49 of 52 people found the following review helpful
A unique approach to developing leaders that works!,
This review is from: Immunity to Change: How to Overcome It and Unlock the Potential in Yourself and Your Organization (Leadership for the Common Good) (Hardcover)
I write this review from the perspective of an Executive Coach who has been practicing for 15 years and who has used this methodology with executives/leaders over the past three years. I can vouch that it works, not only with individual leaders but in a team development context as well. Working well means that individuals have changed behaviors; in the case of the team, that it learned to overcome difficult communication challenges resulting in a measured increase in trust among its members.
In clear language, Kegan and Lahey lay out a step by step methodology that facilitates a person's conscious understanding of his or her intentions, aspirations and goals to an identification of hidden "competing commitments", which may unintentionally hinder reaching these goals. The articulation of these competing commitments ultimately lead to an uncovering of the assumptions, beliefs and systems of meaning which can then be critically evaluated for their ability to promote or hinder success in the achievement of the goals and aspirations that anchor the process.
Their methodology helps people to reflect on themselves and their competing committments in a clear way. As an Executive Coach, I have repeatedly observed that leaders are limited most significantly by their inability to not only take the time to reflect but to know how best to use this reflection space. I also appreciate the fact that Lahey and Kegan link their methodology to a theory of development,demonstrating the process of increasing complexity of mind. This important link between practice and theory moves the user from an increase in self awareness (a very important step) to a broadening of how the leader thinks and acts.
I and my clients find their methodology very user friendly, specific and actionable. There are distinct actions one can take, experiments to design and run. It is an active process; the act of designing and running learning experiments while engaging others in the process puts the developer in the driver's seat encouraging agency and ownership for learning. Many of my clients have expressed excitement at their self generated discoveries. Other contributions: the positive frame and non-judgmental stance of their methodology bring people to their big assumptions gently, maximizing receptivity to learning and change. "Defenses" potentially can relax, respecting individual needs relative to the pace of change.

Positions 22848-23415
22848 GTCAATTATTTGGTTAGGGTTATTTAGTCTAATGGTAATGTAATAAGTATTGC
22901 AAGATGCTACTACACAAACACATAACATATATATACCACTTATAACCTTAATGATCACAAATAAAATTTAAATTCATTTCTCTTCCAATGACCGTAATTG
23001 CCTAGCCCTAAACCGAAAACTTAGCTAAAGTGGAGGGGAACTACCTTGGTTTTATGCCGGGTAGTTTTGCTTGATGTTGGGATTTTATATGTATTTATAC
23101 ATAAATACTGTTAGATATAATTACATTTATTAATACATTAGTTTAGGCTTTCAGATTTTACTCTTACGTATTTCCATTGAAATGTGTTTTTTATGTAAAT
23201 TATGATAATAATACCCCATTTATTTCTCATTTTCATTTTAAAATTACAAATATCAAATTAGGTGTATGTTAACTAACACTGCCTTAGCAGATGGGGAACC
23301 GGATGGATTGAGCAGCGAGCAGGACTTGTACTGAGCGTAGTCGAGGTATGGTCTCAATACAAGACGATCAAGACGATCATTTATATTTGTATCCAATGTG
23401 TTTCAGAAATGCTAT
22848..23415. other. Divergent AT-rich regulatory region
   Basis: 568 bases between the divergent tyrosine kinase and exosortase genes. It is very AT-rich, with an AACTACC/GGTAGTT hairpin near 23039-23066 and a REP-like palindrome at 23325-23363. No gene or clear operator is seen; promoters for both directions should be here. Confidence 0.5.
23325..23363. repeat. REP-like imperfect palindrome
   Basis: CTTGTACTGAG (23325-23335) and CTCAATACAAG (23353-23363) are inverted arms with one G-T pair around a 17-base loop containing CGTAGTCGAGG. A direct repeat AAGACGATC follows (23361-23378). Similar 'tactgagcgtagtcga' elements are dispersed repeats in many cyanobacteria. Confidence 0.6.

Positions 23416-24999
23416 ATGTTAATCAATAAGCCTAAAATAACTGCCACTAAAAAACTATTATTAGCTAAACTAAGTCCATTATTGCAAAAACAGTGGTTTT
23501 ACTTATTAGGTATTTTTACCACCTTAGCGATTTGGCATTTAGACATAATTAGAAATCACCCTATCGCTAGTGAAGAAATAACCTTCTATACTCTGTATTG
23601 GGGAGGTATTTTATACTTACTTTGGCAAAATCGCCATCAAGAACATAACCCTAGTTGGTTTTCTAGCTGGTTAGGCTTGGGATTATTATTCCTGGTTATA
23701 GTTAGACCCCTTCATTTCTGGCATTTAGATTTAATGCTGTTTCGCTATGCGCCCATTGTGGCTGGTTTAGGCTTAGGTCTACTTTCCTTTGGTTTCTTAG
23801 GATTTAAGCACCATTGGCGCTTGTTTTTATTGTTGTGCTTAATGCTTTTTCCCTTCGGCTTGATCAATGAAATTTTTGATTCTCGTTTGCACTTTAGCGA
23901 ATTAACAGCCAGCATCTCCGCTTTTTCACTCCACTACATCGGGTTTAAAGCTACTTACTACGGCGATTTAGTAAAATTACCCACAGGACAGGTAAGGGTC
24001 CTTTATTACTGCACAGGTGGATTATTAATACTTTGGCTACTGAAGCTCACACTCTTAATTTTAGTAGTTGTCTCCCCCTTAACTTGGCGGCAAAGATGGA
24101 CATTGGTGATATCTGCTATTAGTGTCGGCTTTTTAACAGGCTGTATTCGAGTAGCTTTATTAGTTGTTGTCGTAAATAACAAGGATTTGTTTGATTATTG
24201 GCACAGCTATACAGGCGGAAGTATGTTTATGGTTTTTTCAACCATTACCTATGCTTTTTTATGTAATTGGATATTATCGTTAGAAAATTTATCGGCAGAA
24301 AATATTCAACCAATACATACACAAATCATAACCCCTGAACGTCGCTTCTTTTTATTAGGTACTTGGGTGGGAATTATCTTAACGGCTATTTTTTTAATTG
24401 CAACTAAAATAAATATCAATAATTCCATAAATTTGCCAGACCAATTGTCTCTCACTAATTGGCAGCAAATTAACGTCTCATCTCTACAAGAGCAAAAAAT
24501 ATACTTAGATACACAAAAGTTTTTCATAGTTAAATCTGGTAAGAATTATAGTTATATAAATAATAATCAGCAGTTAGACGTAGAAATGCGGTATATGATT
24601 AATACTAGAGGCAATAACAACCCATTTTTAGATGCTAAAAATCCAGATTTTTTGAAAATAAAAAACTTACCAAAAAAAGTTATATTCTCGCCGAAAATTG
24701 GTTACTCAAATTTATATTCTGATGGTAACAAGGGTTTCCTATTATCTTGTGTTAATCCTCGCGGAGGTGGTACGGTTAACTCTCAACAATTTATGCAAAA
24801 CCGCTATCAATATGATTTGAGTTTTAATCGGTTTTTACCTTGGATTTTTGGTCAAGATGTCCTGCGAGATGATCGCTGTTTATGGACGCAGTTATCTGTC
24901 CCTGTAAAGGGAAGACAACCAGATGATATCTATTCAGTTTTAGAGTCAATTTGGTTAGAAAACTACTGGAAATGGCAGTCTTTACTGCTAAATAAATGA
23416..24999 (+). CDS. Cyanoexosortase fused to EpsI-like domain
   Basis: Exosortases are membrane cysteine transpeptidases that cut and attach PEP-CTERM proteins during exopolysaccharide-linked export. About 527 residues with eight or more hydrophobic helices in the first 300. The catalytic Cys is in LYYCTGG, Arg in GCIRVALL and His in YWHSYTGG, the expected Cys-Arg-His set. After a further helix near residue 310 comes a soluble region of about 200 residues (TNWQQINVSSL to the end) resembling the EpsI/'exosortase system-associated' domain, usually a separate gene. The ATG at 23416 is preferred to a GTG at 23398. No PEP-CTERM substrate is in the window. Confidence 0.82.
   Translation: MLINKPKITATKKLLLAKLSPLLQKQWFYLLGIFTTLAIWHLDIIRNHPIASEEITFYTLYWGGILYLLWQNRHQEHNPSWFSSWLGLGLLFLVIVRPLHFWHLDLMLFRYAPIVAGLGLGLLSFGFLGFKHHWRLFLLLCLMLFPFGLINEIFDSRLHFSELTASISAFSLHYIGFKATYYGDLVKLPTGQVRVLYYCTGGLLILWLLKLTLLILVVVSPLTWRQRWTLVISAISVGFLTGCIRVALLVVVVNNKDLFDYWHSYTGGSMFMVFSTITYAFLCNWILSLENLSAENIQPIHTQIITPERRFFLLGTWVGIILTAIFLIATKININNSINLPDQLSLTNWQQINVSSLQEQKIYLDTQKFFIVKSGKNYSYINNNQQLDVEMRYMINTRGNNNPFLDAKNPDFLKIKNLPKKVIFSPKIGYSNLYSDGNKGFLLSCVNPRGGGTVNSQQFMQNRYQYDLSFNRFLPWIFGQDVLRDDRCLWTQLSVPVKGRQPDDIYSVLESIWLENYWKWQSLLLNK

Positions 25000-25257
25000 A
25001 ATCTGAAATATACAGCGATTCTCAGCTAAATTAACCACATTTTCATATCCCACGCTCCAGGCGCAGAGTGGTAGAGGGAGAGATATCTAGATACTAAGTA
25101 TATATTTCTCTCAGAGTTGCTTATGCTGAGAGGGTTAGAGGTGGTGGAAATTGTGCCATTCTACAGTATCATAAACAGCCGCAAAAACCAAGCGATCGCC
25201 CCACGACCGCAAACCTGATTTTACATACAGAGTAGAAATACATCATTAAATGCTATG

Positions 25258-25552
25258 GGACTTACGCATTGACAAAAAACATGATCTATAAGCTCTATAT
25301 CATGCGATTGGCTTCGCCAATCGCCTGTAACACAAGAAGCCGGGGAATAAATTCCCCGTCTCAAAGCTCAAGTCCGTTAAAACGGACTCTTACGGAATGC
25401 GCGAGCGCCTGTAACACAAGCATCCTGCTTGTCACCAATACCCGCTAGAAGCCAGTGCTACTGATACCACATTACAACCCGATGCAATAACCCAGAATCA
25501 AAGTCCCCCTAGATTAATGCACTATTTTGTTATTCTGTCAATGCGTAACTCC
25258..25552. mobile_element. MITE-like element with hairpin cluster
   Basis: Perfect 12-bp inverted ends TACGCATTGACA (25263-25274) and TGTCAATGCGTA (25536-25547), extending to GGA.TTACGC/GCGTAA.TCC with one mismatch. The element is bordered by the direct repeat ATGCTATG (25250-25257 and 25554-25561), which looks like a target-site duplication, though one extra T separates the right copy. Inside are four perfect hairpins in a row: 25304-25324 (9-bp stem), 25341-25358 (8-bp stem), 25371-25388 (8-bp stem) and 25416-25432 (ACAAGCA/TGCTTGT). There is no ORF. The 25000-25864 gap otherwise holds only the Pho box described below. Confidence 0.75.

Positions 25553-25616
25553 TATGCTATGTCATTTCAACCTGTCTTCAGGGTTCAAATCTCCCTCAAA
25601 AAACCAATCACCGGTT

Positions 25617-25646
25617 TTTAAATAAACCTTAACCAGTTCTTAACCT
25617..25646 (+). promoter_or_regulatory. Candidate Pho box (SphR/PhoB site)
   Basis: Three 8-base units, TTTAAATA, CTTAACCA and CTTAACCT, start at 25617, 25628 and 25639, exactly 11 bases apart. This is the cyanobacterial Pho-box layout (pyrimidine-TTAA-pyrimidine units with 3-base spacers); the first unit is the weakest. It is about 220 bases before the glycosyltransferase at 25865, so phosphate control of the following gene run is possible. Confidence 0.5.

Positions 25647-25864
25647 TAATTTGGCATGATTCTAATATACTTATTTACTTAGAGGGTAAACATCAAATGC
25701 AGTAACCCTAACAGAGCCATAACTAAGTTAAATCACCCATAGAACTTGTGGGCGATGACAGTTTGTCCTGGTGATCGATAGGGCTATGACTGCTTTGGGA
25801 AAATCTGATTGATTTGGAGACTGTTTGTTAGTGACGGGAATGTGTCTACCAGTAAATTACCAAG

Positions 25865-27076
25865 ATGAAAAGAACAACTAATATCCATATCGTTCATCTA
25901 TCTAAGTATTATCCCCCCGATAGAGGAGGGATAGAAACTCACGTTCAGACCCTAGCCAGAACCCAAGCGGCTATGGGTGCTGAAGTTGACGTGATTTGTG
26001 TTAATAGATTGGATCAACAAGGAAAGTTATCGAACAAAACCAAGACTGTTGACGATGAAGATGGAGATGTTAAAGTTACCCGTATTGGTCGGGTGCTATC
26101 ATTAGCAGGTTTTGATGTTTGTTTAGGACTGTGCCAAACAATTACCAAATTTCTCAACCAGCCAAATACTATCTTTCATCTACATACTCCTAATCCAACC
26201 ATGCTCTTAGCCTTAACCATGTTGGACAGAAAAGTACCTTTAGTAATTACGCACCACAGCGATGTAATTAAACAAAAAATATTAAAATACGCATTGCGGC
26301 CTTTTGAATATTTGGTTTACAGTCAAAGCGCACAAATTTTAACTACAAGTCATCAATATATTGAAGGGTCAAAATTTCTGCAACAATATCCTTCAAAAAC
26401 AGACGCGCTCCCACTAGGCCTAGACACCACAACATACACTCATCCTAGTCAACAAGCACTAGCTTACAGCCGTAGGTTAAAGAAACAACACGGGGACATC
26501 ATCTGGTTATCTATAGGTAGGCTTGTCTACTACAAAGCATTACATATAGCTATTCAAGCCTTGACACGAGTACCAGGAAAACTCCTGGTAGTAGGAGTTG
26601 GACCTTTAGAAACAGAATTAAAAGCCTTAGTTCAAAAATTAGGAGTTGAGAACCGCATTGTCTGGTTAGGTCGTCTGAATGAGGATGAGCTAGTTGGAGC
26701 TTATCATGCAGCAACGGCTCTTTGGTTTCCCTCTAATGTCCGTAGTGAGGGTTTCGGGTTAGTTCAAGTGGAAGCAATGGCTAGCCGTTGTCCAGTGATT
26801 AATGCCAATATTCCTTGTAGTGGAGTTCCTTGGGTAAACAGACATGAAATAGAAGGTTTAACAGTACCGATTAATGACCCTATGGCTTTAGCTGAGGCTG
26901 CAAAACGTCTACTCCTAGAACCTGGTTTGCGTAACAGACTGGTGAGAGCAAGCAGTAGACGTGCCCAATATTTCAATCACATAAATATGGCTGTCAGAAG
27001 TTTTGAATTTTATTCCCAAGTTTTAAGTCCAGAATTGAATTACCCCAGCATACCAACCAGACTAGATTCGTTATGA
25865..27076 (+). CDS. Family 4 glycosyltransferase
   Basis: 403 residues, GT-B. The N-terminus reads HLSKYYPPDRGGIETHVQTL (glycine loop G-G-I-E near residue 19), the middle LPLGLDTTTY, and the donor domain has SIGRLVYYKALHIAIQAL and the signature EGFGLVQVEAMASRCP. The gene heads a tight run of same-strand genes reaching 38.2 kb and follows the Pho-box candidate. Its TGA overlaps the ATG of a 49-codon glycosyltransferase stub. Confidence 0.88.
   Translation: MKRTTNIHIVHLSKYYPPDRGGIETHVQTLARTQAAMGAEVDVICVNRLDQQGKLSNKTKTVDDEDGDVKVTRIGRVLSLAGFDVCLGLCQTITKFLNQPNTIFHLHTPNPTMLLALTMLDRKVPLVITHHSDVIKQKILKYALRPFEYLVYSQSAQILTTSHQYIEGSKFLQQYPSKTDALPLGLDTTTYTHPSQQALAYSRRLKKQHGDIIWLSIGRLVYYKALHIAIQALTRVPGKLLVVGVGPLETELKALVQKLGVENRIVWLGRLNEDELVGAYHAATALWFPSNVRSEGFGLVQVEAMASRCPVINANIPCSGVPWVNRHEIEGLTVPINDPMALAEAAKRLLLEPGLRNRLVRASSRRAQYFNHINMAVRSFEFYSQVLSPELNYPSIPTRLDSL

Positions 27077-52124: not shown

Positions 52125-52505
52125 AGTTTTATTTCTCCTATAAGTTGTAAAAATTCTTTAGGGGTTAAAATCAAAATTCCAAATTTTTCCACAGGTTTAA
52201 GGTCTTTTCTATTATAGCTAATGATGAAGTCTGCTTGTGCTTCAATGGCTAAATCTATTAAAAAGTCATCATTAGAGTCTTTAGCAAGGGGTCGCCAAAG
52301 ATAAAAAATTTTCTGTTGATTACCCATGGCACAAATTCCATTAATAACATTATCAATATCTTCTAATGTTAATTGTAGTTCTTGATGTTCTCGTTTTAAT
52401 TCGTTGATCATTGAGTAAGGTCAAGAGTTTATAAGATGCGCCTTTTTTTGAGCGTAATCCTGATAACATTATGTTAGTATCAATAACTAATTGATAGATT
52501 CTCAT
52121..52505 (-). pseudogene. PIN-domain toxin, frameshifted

This is a very important tool for any Executive Coach's tool box, yet it is more than at tool. It is a way into developing a "bigger" world from which to lead others and that's what leaders need most.
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Initial post: Aug 7, 2010 8:45:45 AM PDT
Last edited by the author on Aug 7, 2010 8:48:01 AM PDT
Considering that you are a Senior Associate with the authors' company, this is probably not the most unbiased review I have read. It the spirit of transparency, I would prefer that you state your relationship with Minds at Work in the review. Nevertheless, you do provide a solid testimonial for your experience with the process. My big question is, would a non-trained psychologist be able to achieve the same results you have? I am an organizational development practitioner with an MSOD from American University/NTL Institute.
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